Our biggest environmental crisis -- by far

The Ebola epidemic.  The Syrian crisis.  The murderous Islamic State campaign. 

These might sound like serious worries at the moment, but by the end of this century they'll seem about as frightening as a cricket match.

Our biggest crisis

Our biggest crisis

Why?  Because the Earth will have up to 13 billion people then, according to the latest demographic projections.  And the population won't even have stabilized yet.

These are astounding conclusions, and they result from the most robust population projections yet conducted, by a team of leading demographers using the latest United Nations data.  The results appeared recently in the world-leading journal Science.

Why does our population continue to skyrocket?  A key explanation: Africa.  Unlike much of the rest of the world, fertility rates (the average number of children borne per woman) haven't fallen in Africa. 

Fertility rates have also remained stubbornly high in the predominantly Muslim nations of the Middle East -- and these are growing rapidly as well.

Conclusions like this should scare us all, but Europeans should be petrified.  Legal and illegal immigrants are already streaming into Europe from Africa and the Middle East, in some cases causing serious social and economic conflicts. 

Concern over this has led to a resurgence of anti-immigration political parties across Europe.   

But imagine the situation in the year 2100, when Africa's population has quadrupled.  When the population of Nigeria -- already teetering on the edge of political and economic chaos -- has increased by 500%. 

Today's steady stream of desperate immigrants will become a tsunami.

By mid-century we could easily have 10 billion people -- mostly from poorer nations -- with many more to come...

By mid-century we could easily have 10 billion people -- mostly from poorer nations -- with many more to come...

There's one vitally important lesson here: It doesn't have to be this way.  Populations in Africa and the Middle East are exploding because women there don't have access to adequate family-planning information and contraception

It's also happening because educational and economic opportunities for young women are inadequate.

There's a very simple way to stabilize population growth.  Delay the age of reproduction.  If a woman has her first child at, say, 23 years old, instead of 18, everything changes.

She has fewer children.  Those children are better-off economically.  As a result, they have better educational opportunities, and are healthier.  And rates of divorce and domestic strife are, on average, much lower. 

As they grow up, children from such families are far less likely to become involved in crime, or to be unemployed and socially disenfranchized -- a key correlate of violence and radicalization of young people by extremist groups.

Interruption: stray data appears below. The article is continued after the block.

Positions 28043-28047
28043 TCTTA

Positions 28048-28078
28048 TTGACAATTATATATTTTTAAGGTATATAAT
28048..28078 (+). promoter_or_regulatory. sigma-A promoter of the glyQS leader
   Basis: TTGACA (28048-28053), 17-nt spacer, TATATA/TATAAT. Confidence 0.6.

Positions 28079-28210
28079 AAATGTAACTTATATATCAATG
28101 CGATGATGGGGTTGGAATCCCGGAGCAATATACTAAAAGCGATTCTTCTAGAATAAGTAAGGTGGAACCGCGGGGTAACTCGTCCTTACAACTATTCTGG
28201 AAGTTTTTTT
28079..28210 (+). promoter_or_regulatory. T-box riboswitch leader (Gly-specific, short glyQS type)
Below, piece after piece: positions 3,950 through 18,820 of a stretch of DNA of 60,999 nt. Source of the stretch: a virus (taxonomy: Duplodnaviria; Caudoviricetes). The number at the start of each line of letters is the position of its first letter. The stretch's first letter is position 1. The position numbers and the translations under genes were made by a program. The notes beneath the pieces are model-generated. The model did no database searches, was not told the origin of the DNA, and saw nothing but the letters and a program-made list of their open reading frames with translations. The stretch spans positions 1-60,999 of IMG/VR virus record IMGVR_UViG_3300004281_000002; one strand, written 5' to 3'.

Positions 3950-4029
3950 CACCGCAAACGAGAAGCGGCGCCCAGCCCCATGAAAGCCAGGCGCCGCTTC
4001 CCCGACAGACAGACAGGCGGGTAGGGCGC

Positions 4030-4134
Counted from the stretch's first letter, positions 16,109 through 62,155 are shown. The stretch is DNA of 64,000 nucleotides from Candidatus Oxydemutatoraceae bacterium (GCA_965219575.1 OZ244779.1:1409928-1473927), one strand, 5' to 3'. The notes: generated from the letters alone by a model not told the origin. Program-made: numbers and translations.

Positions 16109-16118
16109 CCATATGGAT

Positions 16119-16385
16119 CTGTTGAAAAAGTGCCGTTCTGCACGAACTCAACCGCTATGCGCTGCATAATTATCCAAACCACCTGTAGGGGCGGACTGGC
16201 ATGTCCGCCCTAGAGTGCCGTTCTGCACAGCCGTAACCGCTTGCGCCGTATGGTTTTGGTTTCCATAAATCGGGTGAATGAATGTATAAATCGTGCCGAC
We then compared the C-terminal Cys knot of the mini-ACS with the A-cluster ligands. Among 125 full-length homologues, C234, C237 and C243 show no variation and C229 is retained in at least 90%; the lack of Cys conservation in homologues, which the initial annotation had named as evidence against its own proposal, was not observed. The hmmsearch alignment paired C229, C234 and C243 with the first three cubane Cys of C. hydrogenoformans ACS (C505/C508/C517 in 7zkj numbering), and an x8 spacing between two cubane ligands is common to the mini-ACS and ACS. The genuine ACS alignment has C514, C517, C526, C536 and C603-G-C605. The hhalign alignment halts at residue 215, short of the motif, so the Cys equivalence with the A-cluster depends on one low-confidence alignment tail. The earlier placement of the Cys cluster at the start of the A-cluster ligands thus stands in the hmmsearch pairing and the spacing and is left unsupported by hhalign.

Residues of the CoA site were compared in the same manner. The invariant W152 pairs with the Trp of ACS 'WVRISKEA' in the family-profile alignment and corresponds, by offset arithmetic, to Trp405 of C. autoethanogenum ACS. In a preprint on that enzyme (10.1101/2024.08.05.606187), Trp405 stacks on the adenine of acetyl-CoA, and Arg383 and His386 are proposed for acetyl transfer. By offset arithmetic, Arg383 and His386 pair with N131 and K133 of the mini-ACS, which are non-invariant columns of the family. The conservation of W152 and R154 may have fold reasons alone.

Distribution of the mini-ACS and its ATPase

It all comes down to delaying the age of reproduction -- everything else follows from this one simple change.

If we want to avoid a truly calamitous future, we have to tell our politicians -- loudly and emphatically and often -- that they must invest in family planning and educational opportunities for young women. 

It has to happen now -- today.  And our biggest focus should be Africa and the Middle East, as well as other rapidly growing regions of the developing world. 

Forget about the latest screaming headlines -- the crises of the moment.  This is our biggest crisis -- the one that, most of all, will determine the ultimate fate and health of our planet.


African ecosystems assailed by foreign-funded mining boom

Africa is experiencing a mining boom of truly unprecedented proportions, with hundreds of billions of dollars of investments pouring in from China, Australia, India, Canada, Russia, Brazil, and other nations.  Profound changes are ahead.  Can African ecosystems and wildlife survive?

Trouble on the horizon... even the iconic Serengeti could be threatened by mining   (photo by William Laurance)

Trouble on the horizon... even the iconic Serengeti could be threatened by mining (photo by William Laurance)

This is the theme of a new article by David Edwards and colleagues, including ALERT director Bill Laurance, which has just appeared online in Conservation Letters.  

Among the key findings:

- Chinese investment in African mining has skyrocketed, and now exceeds $100 billion annually

- more than 230 Australian mining companies are working in 42 different African countries

- mining investments could have sizable economic benefits but are a driving force behind new roads and infrastructure projects that are opening up much of Sub-Saharan Africa to development pressures

- mining money could be highly destabilizing for many African governments that have long been plagued by corruption concerns

- Many of Africa's most spectacular ecosystems and centers of biological diversity could be imperiled by mining projects and associated developments

Few doubt that this foreign-investment-fueled mining boom will profoundly change Africa.  The question is just how much environmental damage will be inflicted during the feeding frenzy.